Microsoft has patented a system allowing consumers to pay to skip ads
Streaming video online is both convenient and either free or relatively inexpensive. The only issue are the annoying commercial breaks that most online services completely prevent you from skipping or fast forwarding through. Microsoft apparently has a solution to that problem and secured a patent for it.
Late in 2011 Microsoft acquired a patent for “Control-based content pricing.” What exactly does that mean? Perhaps an excerpt from the patent application can shed some light on it.
“In an implementation of control-based content pricing, a content server distributes media content to a client device in response to a request from the client device to receive the media content. A valuation application allocates a cost to the client device when the media content is distributed to the client device. The content server receives a view control input from the client device that indicates how the media content is to be rendered and the valuation application adjusts the cost according to the view control input and how the media content is to be rendered.”
The short version is this service would allow you to download all of the content, including the advertisements, and the price would change depending on how you used that content. Essentially it monetizes the functions of your remote control. The price would go up if you used the fast forward button to skip ads or if you watched a show more than once.
The application continues,
“[A]dvertisers will be increasingly unwilling to have their advertising messages communicated with media content that a viewer can navigate to skip over the advertisements… Accordingly, media content providers need to provide alternate advertisement revenue models so that advertisers will continue to sponsor advertising messages being delivered with media content for consumer viewing….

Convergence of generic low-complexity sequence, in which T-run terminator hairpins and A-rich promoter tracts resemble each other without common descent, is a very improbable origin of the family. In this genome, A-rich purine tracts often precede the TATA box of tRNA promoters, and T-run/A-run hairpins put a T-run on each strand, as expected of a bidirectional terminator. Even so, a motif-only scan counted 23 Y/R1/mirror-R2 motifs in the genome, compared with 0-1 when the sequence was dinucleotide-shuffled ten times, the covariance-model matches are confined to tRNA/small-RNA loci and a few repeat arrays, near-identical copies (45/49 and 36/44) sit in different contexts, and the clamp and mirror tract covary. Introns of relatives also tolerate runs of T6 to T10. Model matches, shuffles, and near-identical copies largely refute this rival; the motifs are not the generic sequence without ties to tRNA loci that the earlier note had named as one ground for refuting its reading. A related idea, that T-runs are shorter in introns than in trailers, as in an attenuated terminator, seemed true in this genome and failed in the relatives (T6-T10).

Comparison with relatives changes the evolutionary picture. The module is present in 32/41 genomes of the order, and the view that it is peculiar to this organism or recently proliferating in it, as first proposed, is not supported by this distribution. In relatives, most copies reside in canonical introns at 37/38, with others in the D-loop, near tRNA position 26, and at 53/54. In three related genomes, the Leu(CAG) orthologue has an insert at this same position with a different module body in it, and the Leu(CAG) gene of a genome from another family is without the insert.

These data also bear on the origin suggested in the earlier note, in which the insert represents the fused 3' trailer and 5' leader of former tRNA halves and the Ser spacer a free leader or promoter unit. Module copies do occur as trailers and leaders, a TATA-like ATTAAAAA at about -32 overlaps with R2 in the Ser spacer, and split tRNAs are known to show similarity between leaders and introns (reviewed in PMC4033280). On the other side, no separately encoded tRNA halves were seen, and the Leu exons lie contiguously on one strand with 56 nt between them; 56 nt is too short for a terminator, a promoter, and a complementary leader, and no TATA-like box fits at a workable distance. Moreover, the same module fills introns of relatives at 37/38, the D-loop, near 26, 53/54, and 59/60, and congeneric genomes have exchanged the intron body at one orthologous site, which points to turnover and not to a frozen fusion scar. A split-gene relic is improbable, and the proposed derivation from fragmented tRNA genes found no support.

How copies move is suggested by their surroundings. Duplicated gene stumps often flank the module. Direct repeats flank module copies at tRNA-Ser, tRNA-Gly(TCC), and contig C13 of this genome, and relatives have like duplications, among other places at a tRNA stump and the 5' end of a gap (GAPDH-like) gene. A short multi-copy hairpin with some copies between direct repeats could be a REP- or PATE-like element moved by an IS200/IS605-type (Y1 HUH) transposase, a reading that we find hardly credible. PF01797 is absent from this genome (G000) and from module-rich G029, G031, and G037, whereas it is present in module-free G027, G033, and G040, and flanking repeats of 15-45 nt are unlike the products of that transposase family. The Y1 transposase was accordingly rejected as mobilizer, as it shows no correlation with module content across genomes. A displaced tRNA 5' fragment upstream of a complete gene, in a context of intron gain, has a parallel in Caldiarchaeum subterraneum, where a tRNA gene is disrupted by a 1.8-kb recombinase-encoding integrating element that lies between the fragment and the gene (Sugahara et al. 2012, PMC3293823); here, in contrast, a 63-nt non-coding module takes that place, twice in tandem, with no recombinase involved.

For example, if a user initiates a navigation control input to advance past (e.g., skip over) an advertisement, the cost of a requested on-demand movie may be increased. Similarly, if a user initiates a replay of a sporting event, the user may be charged for the replay control input and for each subsequent view control input. This provides an advertisement revenue model that reflects user viewing choices and selections during playback of requested on-demand media, and enables targeted advertising and media content delivery, while maintaining consumer privacy.”
GeekWire actually got a response from a Microsoft spokesperson regarding this patent and what Microsoft plans to do with it. That response was simply,
“Microsoft regularly applies for and receives patents as part of its business practice. Not all patents applied for or received will be incorporated into a Microsoft product.”
Regardless this is an interesting concept that makes an attempt at pleasing both consumers and advertisers when it comes to online video. Would you be willing to pay more to fast forward or skip ads altogether?
Personally I feel that services like Hulu Plus, which charges users a fee per month, should disable the ads or give me the right to fast forward through them. I’m happy to pay for streaming services but I really don’t think I should have to take a hit both in my wallet and in my patience by forcing me to sit through ads for a paid service. Let us know what you think of this in the comments.
8 Comments on Microsoft has patented a system allowing consumers to pay to skip ads
- Posts: 13327
- Posted on: 28 Mar 12 03:52
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- Posted on: 28 Mar 12 04:50
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- Posted on: 28 Mar 12 20:04
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- Posted on: 28 Mar 12 20:07
- Posts: 285
- Posted on: 28 Mar 12 22:53
Check the Criminal Codes of any civilized country, you'll find the above described as Extortion. No different than the "Protection" offered by your local Italian Benevolent Organization.
- Posts: 111
- Posted on: 29 Mar 12 14:04
- Posts: 6486
- Posted on: 29 Mar 12 16:37
That was my whole point, commercials are not going anywhere--subscriptions fees do not even come close to covering costs.
Reason being what you can watch already is already on DVD/BD now...and streaming is only works on new new release or watch at a theater aka outrageous box office prices....
- Mr. Belvedere
- Posts: 18833
- Posted on: 30 Mar 12 16:31
I don't care about ads. And if i did, i tend to get them removed for free or don't consume the product that is full of them.
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